For instance, if the experience for your first subject focuses on entertainment, then be sure that you have an experience for your second subject that also focuses on entertainment, or the lack of entertainment, if the case may be.
Experiences must be SPECIFIC. These experiences will be your CONCRETE, SPECIFIC details for your essay.
Look at the character’s experiences and actions and decide what values are suggested therein.
Remember: values are positives, so while the experience may not be positive, the value would be.
The next two pages will have the lists of values so you can get some ideas, or you can come up with your own along those lines.
Think about where the characters may have learned each of the values. How were they conditioned?
Be as specific as possible.
For example, instead of religion, which religion specifically, or better yet, is this a passage from bible, torah, or other religious book? a commandment? TV shows or movies, which ones? Family? School? Books? Magazines? News? All of these are trying to teach people or challenge their values.
This is about conflict.
When there is an experience that does not go along with one of the character’s values, that is dissonance.
Alternatively, when you have two parties in the picture and their values over the same experience are contrary to one another, that is dissonance.
Sometimes, however, the values are met by the experience. That is harmony, which is the absence of dissonance.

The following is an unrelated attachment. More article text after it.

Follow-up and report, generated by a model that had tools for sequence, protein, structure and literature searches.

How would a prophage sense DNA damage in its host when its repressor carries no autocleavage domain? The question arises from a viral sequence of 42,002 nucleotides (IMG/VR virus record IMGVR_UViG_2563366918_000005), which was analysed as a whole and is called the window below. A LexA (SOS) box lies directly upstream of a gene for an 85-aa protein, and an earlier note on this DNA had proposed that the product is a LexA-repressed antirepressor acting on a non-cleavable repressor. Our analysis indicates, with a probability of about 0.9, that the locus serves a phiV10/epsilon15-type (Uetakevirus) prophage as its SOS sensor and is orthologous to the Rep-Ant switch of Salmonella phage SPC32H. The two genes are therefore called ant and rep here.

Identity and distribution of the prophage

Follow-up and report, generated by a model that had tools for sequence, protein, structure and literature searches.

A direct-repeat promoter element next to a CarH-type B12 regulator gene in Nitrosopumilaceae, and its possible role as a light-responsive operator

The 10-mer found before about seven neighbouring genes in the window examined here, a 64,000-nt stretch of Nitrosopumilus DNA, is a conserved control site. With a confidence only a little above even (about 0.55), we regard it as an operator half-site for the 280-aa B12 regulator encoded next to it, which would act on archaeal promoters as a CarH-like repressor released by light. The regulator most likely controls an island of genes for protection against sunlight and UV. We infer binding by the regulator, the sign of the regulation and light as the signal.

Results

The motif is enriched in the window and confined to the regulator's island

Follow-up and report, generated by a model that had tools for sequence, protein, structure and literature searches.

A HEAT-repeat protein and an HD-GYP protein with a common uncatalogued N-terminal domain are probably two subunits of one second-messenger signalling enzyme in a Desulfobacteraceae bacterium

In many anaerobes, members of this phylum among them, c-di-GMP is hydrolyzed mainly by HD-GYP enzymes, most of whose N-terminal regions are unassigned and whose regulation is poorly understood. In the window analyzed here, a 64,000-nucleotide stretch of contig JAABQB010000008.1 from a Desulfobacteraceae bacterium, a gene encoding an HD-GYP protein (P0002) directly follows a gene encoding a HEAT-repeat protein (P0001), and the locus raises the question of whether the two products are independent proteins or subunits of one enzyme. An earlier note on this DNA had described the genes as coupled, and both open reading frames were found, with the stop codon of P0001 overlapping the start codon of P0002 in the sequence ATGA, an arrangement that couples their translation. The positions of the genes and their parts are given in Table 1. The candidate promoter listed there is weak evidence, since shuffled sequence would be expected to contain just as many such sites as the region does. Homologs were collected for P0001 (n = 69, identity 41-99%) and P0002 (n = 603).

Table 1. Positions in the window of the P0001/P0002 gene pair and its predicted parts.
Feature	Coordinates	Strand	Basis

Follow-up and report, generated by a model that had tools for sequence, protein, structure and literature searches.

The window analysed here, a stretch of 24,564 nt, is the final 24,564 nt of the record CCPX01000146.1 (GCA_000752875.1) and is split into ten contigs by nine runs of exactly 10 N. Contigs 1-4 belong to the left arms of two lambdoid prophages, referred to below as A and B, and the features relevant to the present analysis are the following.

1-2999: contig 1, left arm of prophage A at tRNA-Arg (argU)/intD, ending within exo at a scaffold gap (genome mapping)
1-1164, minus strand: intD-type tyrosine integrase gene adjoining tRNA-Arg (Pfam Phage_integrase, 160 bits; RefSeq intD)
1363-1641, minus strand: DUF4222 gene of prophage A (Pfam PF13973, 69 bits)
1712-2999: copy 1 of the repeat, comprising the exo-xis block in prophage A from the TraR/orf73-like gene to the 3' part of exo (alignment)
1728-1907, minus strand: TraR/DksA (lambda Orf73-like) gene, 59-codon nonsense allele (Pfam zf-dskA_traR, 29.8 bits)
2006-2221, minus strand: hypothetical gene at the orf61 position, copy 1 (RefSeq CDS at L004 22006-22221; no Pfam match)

However, you might still wonder why or how things ended up so perfectly? Not really dissonance, but certainly worthy of questioning and discussing in your essay.
Remember to use the attached file.
IMPORTANT NOTE: Before beginning your outline, be sure to refresh your memory on ways to organize a comparative essay.
The Purpose of the outline is to present a well-organized plan for ordering the three main points for your essay.
Of course, any new ideas that come along after you’ve already completed it can certainly be used.
1. At the top of your page, write out the name of your two subjects for comparison
2. Below that, write whether you are choosing Block or Point by Point outlines?
3. Below that, write the thesis statement. Your thesis MUST be only ONE sentence, include both subjects and the point you are making about the comparison of these two subjects. Your thesis must NOT be any form of the following sentence: There are many similarities and many differences between …
First, there are similarities and many differences between any two things. So what?
Second, you can choose to focus ONLY on similarities OR only on differences. Or you can cover both.
4. Write out your outline using Roman Numerals (I, II, and III for point by point; I and II for block), Capital Letters (I and II for point by point; I, II, and III for block), lower case roman numerals (for specific detail i, ii,…), and lower case letters (a, b, c…–if necessary).
5. Be specific about where you are getting the information for your outline. Refer to specific lines and wording from the stories, along with parenthetical citations, MLA style.
Use one of the following attachments to help you set up your outline: